John Mellencamp Opens Up About Finding the Man Responsible for Saving His Life


 

Above is proof that the challenges we face in life can make us stronger.

John Mellencamp had no idea he was born with spina bifida until he discovered a scar on the back of his neck around the age of 9 or 10, according to CBS News. As it turned out, the legendary performer from Seymour, Indiana, was given an experimental operation as an infant that saved his life at a time when most babies born with the birth defect didn’t survive.

The 18-hour-long procedure that took place in 1951 was one of three operations on babies with spina bifida at Riley Hospital for Children in Indianapolis. Mellencamp is the only survivor of the three.

The unlikely success of his operation left Mellencamp with a feeling of luck that’s followed him his whole life, according to his interview in Men’s Journal. He told the magazine:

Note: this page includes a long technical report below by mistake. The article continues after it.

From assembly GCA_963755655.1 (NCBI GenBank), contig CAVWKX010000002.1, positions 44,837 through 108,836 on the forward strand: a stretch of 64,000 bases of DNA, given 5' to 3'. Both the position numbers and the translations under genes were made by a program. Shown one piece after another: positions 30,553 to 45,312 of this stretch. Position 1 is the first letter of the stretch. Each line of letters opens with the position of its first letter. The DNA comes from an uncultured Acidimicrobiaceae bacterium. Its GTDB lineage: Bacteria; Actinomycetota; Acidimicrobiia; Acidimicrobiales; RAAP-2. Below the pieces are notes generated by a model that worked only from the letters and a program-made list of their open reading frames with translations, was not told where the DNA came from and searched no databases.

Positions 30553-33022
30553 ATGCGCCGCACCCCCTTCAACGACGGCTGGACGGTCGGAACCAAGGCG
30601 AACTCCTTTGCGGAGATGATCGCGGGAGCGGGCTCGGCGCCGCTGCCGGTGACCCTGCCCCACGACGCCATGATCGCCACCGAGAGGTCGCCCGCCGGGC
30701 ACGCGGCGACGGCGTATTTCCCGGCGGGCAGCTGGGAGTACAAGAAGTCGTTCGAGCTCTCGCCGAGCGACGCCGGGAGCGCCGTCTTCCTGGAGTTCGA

My grandmother told me for my entire life — everyday, “John, you’re the luckiest boy in the world.” And when you hear that everyday from somebody you actually start to believe it, which made me adventurous, which made me not afraid to try things, which made me not care about stopping myself from doing things that people said you shouldn’t be doing.

Just last month, Mellencamp met the neurosurgeon who performed the pioneering operation on him nearly 63 years ago, according to CBS News. Dr. Robert Heimburger, 97, met him at the hospital where the surgery took place.

Mellencamp recently announced an upcoming tour for his new album “Plain Spoken,” according to his website.  The 80-show tour, beginning in January 2015, will culminate in a performance at Indianapolis’s Bankers Life Fieldhouse on August 4th. A portion of the proceeds from this show will be donated to the Riley Children’s Foundation, which supports the Hospital for Children where the singer’s surgery took place over six decades ago.

Check out Mellencamp’s interview with CBS above. 

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